• impatience; MLK and Resurrection City; Ramsey Clark and his relationship with LBJ; wire-tapping; J. Edgar Hoover; Robert Kennedy’s assassination; getting Secret Service protection for Presidential candidates; the Commission on Violence; Lloyd Cutler
  • of your spring--"rhat s07C.e of them aren It. crises, al \'le But tell De ,.]hatever you could call -k.t10\.J about s and the d2cisio'l not to run again. T: Well, I recall, Joe, that after the President made the decision that he television
  • didn't come until the following year with the Safe Streets and Crime Control Act. G: How about organized crime? C: Well, we had meetings on organized crime. We went after it. I even have a picture I think of a meeting with [J. Edgar] Hoover
  • part of it stemmed from the fact that he was so uninhibited--he was manipulative and calculating in many ways, but he was so uninhibited also on the phone that he thought he was entitled to some sense of privacy. G: Did he distrust J. Edgar Hoover
  • that, and then when at home, they moved him home, we gave him--I guess the first week in August, I don't know, something like that, that's when I called J. Edgar Hoover who lived across the street and all of his neighbors there to meet the ambulance when they brought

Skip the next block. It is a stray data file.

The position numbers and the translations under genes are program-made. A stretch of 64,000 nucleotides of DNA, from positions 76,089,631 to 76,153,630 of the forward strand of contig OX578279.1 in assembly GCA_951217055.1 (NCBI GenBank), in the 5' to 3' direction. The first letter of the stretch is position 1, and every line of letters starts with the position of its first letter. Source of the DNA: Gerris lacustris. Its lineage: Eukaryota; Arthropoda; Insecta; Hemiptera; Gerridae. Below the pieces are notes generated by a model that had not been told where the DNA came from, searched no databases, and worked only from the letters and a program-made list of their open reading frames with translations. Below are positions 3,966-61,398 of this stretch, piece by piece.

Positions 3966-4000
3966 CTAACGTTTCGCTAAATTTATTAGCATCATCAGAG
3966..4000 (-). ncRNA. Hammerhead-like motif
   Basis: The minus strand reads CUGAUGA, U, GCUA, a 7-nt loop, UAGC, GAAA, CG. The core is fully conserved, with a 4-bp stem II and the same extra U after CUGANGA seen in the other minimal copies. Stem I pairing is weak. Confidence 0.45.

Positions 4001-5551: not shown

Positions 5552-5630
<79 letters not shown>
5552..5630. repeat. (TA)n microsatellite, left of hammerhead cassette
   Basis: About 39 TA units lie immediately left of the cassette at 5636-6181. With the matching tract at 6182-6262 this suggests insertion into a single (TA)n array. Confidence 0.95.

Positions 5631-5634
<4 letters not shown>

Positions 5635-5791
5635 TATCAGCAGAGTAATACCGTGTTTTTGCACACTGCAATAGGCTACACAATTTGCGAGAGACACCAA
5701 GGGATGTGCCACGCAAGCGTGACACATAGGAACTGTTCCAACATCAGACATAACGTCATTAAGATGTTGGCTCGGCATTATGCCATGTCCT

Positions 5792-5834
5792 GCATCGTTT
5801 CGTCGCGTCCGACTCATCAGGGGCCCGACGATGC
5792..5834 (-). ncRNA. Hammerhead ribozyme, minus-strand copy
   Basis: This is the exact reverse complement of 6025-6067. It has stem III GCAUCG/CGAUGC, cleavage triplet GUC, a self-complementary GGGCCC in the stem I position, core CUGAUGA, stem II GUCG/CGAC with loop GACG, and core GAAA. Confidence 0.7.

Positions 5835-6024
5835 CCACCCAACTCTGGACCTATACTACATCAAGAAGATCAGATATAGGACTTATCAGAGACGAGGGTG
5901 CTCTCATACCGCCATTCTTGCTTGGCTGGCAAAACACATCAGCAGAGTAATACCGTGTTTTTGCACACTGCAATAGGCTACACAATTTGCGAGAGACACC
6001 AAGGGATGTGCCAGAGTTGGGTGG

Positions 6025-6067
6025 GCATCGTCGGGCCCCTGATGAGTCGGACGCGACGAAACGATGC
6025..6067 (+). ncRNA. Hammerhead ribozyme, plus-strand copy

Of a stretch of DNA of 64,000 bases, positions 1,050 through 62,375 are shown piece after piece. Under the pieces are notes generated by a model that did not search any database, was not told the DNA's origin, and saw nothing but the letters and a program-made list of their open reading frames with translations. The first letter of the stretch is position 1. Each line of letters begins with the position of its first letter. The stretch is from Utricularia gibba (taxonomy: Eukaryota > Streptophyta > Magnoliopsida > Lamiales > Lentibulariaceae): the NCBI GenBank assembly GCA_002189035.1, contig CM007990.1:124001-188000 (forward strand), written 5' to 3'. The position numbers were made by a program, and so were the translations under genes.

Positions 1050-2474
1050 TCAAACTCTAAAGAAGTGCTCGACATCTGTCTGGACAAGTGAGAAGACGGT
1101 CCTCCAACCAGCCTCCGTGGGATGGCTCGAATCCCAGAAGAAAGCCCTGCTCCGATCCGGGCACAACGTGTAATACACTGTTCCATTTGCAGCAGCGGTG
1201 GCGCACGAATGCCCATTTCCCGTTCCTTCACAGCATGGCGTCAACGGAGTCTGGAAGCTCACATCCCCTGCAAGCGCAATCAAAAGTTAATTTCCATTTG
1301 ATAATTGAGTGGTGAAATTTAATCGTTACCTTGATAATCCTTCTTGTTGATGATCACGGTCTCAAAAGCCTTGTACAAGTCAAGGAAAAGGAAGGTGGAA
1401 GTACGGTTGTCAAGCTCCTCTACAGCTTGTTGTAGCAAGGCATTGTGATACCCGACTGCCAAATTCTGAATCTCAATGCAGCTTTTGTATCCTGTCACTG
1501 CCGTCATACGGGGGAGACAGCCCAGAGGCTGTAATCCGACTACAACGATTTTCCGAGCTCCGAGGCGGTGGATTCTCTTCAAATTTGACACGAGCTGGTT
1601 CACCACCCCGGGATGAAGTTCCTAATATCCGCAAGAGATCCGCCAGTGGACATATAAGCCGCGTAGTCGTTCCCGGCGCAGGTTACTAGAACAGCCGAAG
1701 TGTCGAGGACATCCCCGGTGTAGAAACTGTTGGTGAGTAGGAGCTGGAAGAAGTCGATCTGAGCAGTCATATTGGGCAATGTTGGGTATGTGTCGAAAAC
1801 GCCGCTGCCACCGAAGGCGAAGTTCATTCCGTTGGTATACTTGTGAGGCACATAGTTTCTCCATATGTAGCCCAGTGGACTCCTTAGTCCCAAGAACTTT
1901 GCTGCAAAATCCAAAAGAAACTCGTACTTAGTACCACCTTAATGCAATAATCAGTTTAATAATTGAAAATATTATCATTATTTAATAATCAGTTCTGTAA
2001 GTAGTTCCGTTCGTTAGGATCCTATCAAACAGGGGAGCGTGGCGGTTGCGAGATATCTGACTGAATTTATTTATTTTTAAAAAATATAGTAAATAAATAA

• . Edgar Hoover and Robert Kennedy was surfaced, the Department under Nick Katzenbach attempted to find a middle ground; one that would not embarrass, or unduly embarrass, Robert Kennedy, and one that was nonetheless candid and honest as to the prior
  • surtax and Wilbur Mills; LBJ's concern for the people at the 1968 Poor People's Campaign demonstration; gun control; LBJ's view on wiretaps and his relationship with J. Edgar Hoover; mistake regarding letters to Congress members following the signing
  • -- 18 think he thought J. Edgar Hoover went bonkers on some things and shouldn't be allowed to do it. G: But then on the other hand, did he like to read the reports that came from this material? B: Loved to read them, and loved to read them out loud
  • card and burn it but it wasn't a draft card. It would be a Xerox copy of a draft card because they didn't want to get in trouble. But Hershey was--he was somebody you couldn't talk to. He was terribly out of touch. He'd become not quite J. Edgar Hoover